Hanks can't be accused of playing himself, for he adopts a New England accent and an all-business demeanor different from his usual fun, avuncular presence. But, though the movie bears his name, it is more about the hijacking than Captain Phillips. The story, approached from all pertinent angles, is always the main event, not the few characters who make it up. Aside from his final scene, Hanks doesn't get to do any real heavy lifting as an actor. He hits the appropriate emotional notes, but with understatement and while sacrificing substantial screentime to his Somali captors. The actors portraying them, especially ringleader Abdi with his otherworldly face, impress. Greengrass displays his welcome restraint not to damn them anymore than the accounts themselves do. It's certainly interesting that we don't hate these pirates as much as you think we would. The movie doesn't push us in any direction, allowing us to judge as we see. It's even possible to sympathize a bit with these misguided hijackers without hating ourselves for doing it. That is one of the great joys of Greengrass' documentarian instincts. He crafts a taut and effective movie, but respects us enough to let us form our own conclusions and interpret the facts he carefully recreates.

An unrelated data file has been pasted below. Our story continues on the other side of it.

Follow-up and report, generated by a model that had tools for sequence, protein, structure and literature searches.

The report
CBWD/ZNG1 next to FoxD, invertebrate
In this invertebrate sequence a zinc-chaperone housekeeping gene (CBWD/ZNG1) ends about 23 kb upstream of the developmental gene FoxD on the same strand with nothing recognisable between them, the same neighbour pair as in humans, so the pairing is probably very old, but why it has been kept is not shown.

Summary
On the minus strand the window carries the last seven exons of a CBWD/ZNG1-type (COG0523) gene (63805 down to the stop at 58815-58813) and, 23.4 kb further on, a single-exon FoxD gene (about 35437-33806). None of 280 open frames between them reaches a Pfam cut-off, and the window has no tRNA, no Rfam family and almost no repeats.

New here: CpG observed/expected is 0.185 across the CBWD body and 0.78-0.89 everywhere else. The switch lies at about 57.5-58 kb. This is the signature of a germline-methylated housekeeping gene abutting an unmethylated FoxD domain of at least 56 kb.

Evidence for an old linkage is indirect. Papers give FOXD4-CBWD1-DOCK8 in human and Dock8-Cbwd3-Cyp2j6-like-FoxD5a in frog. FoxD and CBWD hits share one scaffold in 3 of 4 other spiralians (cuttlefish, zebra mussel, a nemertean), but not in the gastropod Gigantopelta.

On the heels of its recently announced six Oscar nominations, most notably Best Picture, the film just received a huge theater count boost, claiming over 900 screens for the first time since late November. That gives moviegoers who missed it last fall another chance to see it on the big screen, although this week's DVD and Blu-ray combo pack releases will be more appealing to many.

Captain Phillips DVD cover art -- click to buy from Amazon.com DVD Details

2.40:1 Anamorphic Widescreen
Dolby Digital 5.1 (English, French, Spanish)
Subtitles: English, English for Hearing Impaired, French, Spanish
Not Closed Captioned; Extras Subtitled in English
Release Date: January 21, 2014
Single-sided, dual-layered disc (DVD-9)
Suggested Retail Price: $30.99
Black Keepcase
Also available as Blu-ray + DVD ($35.99 SRP) and on Amazon Instant Video